// . //  Insights //  Financing The Airports Of Tomorrow

Airports around the world are already in the process of modernizing and upgrading infrastructure. In the United States alone, as much as $150 billion is expected to be spent on airport infrastructure projects between 2023 and 2027. As part of that effort, airports must also begin to decarbonize if they are to help the aviation industry reach net zero by 2050 and, in some regions, be compliant with regulation.

Failure to make tangible strides in decarbonization may ultimately hinder airports’ ability to secure conventional financial backing, as more financial institutions and investors begin to insist on credible transition plans from their investments. With the implementation of the Corporate Sustainability Reporting Directive, many in the European Union will be mandated to disclose 2024 Scope 1, 2, and 3 emissions, along with specific reduction targets, starting in 2025.

Addressing Scope 1 and 2 emissions is within airports' reach as they apply to those being generated by airport operations, such as emissions from airport trucks, buses, and cars, and those purchased by airports from power suppliers. Dealing with significant Scope 3 emissions — which constitute nearly 97% of the overall emissions profile of airports — poses a greater challenge as they fall outside of an airport’s control. The majority represent airlines burning kerosene-based jet fuel during landing and takeoff, and there, airports can only incentivize and facilitate a switch to sustainable aviation fuel.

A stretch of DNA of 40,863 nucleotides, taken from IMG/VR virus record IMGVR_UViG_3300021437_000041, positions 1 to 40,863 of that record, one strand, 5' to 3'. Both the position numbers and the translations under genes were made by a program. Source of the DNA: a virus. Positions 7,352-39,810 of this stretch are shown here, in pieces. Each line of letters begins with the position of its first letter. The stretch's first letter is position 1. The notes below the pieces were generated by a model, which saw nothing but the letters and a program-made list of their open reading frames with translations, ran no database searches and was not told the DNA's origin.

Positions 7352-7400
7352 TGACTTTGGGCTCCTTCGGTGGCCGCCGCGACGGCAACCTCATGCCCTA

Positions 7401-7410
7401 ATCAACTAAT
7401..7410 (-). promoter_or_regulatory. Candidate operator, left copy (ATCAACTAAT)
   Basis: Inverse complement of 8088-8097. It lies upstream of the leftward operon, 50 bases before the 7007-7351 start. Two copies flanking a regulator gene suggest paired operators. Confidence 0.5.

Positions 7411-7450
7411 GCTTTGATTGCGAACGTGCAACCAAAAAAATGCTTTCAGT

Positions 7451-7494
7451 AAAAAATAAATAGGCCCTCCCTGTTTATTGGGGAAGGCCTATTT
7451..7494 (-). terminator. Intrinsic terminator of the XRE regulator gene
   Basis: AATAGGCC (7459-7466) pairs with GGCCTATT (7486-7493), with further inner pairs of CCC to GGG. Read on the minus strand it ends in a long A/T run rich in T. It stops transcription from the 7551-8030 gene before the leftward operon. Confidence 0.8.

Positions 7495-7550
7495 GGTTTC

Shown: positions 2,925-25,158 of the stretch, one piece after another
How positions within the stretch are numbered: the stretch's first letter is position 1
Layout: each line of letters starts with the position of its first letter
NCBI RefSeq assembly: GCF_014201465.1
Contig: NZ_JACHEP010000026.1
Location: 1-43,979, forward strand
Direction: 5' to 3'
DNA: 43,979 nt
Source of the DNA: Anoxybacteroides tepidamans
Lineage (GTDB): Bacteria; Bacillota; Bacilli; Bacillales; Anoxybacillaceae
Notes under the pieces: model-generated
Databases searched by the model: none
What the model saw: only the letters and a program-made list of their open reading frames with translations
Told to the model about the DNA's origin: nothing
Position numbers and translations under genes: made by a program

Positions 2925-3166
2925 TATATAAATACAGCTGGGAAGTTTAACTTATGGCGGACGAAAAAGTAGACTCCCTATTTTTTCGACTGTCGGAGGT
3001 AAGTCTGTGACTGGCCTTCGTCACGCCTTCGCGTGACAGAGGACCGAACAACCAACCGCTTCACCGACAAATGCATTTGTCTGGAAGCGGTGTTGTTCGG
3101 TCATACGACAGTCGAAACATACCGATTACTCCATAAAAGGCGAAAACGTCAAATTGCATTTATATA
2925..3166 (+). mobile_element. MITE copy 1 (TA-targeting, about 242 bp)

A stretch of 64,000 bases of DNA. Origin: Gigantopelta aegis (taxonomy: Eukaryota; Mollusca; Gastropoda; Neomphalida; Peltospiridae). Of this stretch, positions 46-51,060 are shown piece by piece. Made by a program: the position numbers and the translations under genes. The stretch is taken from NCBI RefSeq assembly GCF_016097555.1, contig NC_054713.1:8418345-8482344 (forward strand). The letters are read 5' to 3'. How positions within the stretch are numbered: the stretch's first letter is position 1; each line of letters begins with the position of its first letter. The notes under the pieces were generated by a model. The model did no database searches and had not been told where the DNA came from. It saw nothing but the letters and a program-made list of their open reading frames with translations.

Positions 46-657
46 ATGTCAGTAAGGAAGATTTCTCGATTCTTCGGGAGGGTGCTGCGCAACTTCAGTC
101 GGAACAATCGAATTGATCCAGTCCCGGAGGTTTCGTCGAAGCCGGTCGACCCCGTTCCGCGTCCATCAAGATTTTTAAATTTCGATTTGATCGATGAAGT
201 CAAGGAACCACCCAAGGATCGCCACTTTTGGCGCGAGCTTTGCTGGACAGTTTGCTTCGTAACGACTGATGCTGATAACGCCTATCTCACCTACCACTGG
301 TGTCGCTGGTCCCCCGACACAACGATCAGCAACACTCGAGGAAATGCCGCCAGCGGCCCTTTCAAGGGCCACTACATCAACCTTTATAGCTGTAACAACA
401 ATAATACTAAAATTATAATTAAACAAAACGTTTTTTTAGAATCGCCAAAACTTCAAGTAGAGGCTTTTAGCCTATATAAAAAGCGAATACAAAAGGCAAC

The path to decarbonization begins with a carefully crafted plan and targets aligned with the Paris Agreement. This is where the toolkit report acts as a comprehensive guide.

Exhibit: Airports' Scope 1, 2, and 3 emissions

Developed by the World Economic Forum in partnership with Oliver Wyman, Airport Council International World, and airport infrastructure management company Mundys, the toolkit outlines short-term, midterm, and long-term actions for airports embarking on their decarbonization journey. It strategically maps out financing options, including commercial loans, development bank loans/grants, and sustainability-linked finance, based on airport size and regional governance policies.

The toolkit also includes case studies of airports successfully utilizing various financing instruments to fund diverse decarbonization projects. These case studies provide valuable insights into what are likely to become best practices for how to mobilize capital for emissions reductions.